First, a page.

A good manager is both a coach and a counselor. Generally, coaching should precede counseling.
As a coach, a manager:
- identifies an employee’s need for instruction and direction
and this need is usually directly related to his or her performance or career goals. Coaching is collaborative. It relies on mutual, progressive goal-setting, personal feedback, and an ongoing, supportive relationship.
You coach to help retain employees and to show you care about your employees as individuals. It’s best to coach when a new procedure is introduced, a job is changed, and/or a skill gap is identified.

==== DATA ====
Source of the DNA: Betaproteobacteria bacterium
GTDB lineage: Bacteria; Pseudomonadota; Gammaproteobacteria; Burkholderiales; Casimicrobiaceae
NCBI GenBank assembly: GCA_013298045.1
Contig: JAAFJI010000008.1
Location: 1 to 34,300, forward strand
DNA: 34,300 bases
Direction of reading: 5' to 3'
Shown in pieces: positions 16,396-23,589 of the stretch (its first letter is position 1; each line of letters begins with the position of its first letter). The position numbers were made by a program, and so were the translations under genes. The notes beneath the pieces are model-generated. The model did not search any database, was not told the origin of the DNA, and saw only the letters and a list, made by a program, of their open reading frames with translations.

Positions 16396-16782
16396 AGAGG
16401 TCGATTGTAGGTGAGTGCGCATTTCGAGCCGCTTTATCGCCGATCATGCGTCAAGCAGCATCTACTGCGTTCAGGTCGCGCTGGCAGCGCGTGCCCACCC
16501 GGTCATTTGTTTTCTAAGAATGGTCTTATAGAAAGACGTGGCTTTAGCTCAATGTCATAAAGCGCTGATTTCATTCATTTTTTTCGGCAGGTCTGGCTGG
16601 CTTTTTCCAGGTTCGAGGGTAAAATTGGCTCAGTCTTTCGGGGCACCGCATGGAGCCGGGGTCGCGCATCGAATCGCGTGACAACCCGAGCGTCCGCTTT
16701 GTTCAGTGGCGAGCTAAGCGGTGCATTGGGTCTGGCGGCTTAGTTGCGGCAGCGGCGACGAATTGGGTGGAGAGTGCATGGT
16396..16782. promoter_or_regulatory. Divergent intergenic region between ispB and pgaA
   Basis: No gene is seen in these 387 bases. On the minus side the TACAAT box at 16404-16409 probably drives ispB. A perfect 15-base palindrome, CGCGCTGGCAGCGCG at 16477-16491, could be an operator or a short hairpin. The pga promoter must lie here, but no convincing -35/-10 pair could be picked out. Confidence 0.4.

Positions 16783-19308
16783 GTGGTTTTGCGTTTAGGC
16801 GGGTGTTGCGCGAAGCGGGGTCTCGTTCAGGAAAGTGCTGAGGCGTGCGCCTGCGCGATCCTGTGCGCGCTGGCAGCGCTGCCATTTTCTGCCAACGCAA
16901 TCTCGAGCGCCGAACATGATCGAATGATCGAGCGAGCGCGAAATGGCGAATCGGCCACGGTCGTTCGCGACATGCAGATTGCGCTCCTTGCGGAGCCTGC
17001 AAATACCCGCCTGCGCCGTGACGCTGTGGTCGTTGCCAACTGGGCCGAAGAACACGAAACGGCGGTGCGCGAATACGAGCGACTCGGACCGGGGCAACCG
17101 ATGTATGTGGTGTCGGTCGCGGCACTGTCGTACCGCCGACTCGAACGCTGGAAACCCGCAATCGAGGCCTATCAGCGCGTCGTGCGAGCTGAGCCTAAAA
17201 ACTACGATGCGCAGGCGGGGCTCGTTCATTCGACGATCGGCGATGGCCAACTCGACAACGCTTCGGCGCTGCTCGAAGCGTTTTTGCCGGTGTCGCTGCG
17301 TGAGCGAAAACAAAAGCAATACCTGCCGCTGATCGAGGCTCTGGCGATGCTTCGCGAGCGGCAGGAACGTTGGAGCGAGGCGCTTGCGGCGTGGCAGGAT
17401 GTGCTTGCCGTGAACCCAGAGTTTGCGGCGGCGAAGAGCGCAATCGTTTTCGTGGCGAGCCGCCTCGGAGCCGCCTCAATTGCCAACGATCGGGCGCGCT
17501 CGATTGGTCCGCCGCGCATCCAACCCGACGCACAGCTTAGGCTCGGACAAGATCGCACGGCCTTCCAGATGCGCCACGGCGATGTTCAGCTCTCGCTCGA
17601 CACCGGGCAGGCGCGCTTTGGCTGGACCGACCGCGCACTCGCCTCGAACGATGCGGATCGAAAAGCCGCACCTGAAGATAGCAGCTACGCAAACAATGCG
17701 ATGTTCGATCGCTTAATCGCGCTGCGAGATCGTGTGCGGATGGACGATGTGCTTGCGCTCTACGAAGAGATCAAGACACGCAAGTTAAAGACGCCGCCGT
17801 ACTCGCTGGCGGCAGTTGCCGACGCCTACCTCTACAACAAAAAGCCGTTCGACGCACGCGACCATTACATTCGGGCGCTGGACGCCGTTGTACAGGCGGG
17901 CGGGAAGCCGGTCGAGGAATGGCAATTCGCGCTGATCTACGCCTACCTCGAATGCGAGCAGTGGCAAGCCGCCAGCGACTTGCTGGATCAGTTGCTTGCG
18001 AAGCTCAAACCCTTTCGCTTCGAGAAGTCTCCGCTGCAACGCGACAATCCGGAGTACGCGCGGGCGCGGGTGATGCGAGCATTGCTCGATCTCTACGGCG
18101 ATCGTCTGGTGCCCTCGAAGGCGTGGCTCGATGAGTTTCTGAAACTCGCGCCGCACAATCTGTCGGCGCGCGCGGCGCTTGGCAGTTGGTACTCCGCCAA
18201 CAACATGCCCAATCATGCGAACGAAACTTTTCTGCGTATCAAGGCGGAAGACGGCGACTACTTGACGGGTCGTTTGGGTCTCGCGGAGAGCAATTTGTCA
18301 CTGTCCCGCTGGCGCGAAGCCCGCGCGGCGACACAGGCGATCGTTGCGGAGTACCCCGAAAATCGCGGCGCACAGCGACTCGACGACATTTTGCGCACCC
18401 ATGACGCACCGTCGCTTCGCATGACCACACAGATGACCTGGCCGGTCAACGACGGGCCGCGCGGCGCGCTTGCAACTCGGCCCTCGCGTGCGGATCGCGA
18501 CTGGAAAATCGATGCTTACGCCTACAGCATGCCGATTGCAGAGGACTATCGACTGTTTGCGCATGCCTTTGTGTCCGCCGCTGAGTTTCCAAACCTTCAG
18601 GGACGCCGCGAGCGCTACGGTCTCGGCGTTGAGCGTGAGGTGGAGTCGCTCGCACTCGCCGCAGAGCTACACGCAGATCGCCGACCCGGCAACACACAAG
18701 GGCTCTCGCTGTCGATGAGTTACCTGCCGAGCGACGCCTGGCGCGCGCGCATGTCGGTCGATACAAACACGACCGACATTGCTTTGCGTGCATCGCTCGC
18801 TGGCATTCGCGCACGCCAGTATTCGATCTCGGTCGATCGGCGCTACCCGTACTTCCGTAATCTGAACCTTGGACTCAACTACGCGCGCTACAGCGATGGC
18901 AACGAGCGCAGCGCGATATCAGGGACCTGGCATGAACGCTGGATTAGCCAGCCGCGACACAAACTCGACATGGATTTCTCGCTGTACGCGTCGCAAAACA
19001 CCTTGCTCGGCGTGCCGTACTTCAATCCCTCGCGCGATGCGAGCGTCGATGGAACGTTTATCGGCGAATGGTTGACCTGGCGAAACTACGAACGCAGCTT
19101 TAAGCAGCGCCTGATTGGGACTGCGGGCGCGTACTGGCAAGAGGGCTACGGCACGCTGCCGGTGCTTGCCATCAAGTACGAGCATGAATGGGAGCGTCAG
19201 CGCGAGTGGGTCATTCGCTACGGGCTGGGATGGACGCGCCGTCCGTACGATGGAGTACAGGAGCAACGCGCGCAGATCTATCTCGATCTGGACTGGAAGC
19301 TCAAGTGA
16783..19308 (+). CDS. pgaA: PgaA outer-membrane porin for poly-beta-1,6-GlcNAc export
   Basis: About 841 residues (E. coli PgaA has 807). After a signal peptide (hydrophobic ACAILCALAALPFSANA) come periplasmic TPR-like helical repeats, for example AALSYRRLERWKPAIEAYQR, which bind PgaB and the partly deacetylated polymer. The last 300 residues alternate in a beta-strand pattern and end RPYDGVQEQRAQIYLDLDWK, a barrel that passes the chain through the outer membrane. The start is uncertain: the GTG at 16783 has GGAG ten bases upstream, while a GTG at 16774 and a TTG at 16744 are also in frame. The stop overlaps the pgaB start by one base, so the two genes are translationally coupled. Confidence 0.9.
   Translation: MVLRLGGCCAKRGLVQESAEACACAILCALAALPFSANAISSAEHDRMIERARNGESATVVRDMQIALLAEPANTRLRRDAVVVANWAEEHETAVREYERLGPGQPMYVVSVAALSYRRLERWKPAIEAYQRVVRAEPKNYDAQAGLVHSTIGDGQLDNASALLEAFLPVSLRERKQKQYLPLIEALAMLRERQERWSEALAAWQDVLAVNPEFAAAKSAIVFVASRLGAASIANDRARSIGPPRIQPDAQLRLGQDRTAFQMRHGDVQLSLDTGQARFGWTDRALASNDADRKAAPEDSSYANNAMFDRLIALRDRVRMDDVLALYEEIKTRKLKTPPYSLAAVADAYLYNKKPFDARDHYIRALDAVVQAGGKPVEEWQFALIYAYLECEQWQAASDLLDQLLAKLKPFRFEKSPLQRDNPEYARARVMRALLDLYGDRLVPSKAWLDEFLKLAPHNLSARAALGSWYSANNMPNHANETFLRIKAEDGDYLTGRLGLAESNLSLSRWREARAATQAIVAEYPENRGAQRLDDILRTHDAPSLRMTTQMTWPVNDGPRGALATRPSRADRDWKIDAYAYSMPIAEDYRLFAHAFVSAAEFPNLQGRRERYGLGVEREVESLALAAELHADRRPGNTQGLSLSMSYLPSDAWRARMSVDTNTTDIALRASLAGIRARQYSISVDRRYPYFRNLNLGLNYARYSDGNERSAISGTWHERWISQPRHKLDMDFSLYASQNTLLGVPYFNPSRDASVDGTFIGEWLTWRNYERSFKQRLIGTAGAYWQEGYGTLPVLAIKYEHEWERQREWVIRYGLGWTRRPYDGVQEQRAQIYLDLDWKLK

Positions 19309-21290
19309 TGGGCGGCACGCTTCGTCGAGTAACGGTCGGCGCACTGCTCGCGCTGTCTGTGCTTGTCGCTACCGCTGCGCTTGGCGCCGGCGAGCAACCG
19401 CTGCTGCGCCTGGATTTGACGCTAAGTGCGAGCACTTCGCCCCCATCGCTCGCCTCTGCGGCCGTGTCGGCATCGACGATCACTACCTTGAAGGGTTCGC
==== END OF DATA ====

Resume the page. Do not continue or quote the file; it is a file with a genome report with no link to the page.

As a counselor, a manager:
- first identifies a problem that interferes with an employee’s work performance and then helps the employee to define specifically what behavior he or she needs to change in order to improve his or her performance or resolve a problem.
So, the difference between coach and counselor is subtle, but important. And, as Sharon Armstrong further shares in her book, “The Essential HR Handbook,” a good manager who is both a coach and a counselor:
- Motivates employees to do good work
- Reinforces good performance
- Encourages employees to stretch
- Sets clear expectations
- Provides positive feedback on an ongoing basis
- Provides constructive feedback on a timely basis
- Acknowledges employees’ progress toward their goals